Hollywood writers on strike and studios are still talking informally about whether it's worthwhile to start negotiating formally. But Writers Guild members continue to picket outside studios after 11 weeks. Thursday, some strikers outside Warner Brothers in Burbank applied a twist to the informational picket. KPCC's Brian Watt went over to see what he could learn.
Brian Watt: No bullhorns or loud rousing chants. On Olive Avenue, the talk was just loud enough to hear over periodic car horns. It was all about writing. Not just the craft, but:
Jennifer Glickman: Getting along in this business. Just even, how to be a productive member of a staff. Whether it is a drama or a comedy.
Watt: Jennifer Glickman is a staff writer on the CBS comedy, "The Big Bang Theory." She and a few other writers initiated "Teaching Thursdays" outside Gate 2 at Warner Brothers. Aspiring screenwriters, even if they're not in the Guild, can picket as they pick the brains of veterans like Glickman.
Glickman: I've been on 12 different shows in 13 years, so I feel like I have, you know, a wealth of information to share. Maybe mostly about what not to do.
Watt: What should you not do?
Glickman: Um, let's see. This is not based only on my experience. (laughter) It's one thing to believe in your idea, it's another to say it 12 times until somebody wants to remove you from the premises.
David Zabel: That's very true. That's very true. If it didn't work the first time, and it didn't work the second time, you know, then it's definitely not gonna work the third time, so let it go.
Watt: The guy chiming in is David Zabel. He's a showrunner for NBC's medical drama, "ER." This "Teaching Thursday" focused on writing for medical dramas.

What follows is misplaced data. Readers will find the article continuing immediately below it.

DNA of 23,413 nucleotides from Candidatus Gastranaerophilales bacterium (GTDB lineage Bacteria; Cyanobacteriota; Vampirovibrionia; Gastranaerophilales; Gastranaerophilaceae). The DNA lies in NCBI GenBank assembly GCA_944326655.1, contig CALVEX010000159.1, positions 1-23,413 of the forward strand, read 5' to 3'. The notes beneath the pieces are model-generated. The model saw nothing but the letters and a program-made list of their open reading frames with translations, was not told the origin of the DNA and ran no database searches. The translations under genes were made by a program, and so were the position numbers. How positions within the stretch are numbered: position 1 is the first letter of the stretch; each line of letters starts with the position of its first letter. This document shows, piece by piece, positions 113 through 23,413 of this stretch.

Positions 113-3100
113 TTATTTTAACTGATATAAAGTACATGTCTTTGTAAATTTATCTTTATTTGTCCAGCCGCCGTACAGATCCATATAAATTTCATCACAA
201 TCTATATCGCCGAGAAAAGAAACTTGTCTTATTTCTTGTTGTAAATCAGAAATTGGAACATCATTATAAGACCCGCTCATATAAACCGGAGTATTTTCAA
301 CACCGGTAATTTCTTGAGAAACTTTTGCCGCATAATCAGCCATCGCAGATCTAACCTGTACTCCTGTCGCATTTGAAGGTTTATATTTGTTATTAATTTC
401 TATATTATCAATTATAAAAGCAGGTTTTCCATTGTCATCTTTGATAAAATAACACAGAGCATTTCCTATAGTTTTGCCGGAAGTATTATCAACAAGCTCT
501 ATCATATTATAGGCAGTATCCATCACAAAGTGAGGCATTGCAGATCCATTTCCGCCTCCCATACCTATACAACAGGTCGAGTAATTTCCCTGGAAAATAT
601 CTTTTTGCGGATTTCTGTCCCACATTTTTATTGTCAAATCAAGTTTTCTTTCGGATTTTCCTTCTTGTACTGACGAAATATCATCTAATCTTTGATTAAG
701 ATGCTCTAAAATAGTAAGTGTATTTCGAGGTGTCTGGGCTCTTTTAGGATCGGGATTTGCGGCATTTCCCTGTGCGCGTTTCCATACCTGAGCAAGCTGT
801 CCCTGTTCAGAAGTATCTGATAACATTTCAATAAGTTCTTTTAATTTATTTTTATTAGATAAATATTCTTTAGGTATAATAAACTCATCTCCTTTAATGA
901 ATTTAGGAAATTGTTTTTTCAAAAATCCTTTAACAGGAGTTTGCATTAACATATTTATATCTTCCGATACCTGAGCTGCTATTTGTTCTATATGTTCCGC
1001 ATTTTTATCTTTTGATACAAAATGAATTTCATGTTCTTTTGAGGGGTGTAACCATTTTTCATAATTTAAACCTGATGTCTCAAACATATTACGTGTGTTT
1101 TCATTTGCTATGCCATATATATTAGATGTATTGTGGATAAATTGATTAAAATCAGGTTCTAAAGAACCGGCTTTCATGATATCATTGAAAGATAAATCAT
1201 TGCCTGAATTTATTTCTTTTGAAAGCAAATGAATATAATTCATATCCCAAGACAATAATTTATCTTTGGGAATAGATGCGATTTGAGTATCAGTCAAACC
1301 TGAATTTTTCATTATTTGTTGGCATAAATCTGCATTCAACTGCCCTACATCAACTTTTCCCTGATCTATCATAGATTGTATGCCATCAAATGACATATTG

Zabel: Not just storylines within episodes, but maybe arcs over many episodes. And the interaction between what's going on in the real world of health care and medicine, and the drama of the show.
[Car horn honks]
Watt: Twenty-year-old Geoff Tock isn't a guild member yet, but he wants to be. He got an opportunity to learn from Dr. Zoanne Clack, a physician, consultant, and writer-producer on ABC's "Grey's Anatomy."
Geoff Tock: Do you start with, "We have this diagnosis, we have this disease we want to go to," and then break a story out of that, or do you guys have a story, and then you find an ailment to go along with it?
Dr. Zoanne Clack: It can be either one. Sometimes we'll have a very specific disease that we want to track. Sometimes we'll have a story and we need to find the medicine to back up the story.
Watt: It's only been three months since Geoff Tock packed his belongings and drove to Tinsel Town from Michigan. Until he heard about the walking seminars, he'd been reluctant to join the picketing.
Tock: Just because I don't want to be guy on the line who's trying to network. I don't. Because this is important. I mean, this, what they're doing here, what we're doing here, is important. And so I didn't want to network, but if it's an opportunity where like, "OK, you come down and we'll teach you," and if that's what it is, then I don't feel weird about like, "Hey, how you doing," and elbowing and hobnobbing.
Watt: If the strike continues through next Thursday, Tock can show up then and find out about writing for multi-camera sitcoms.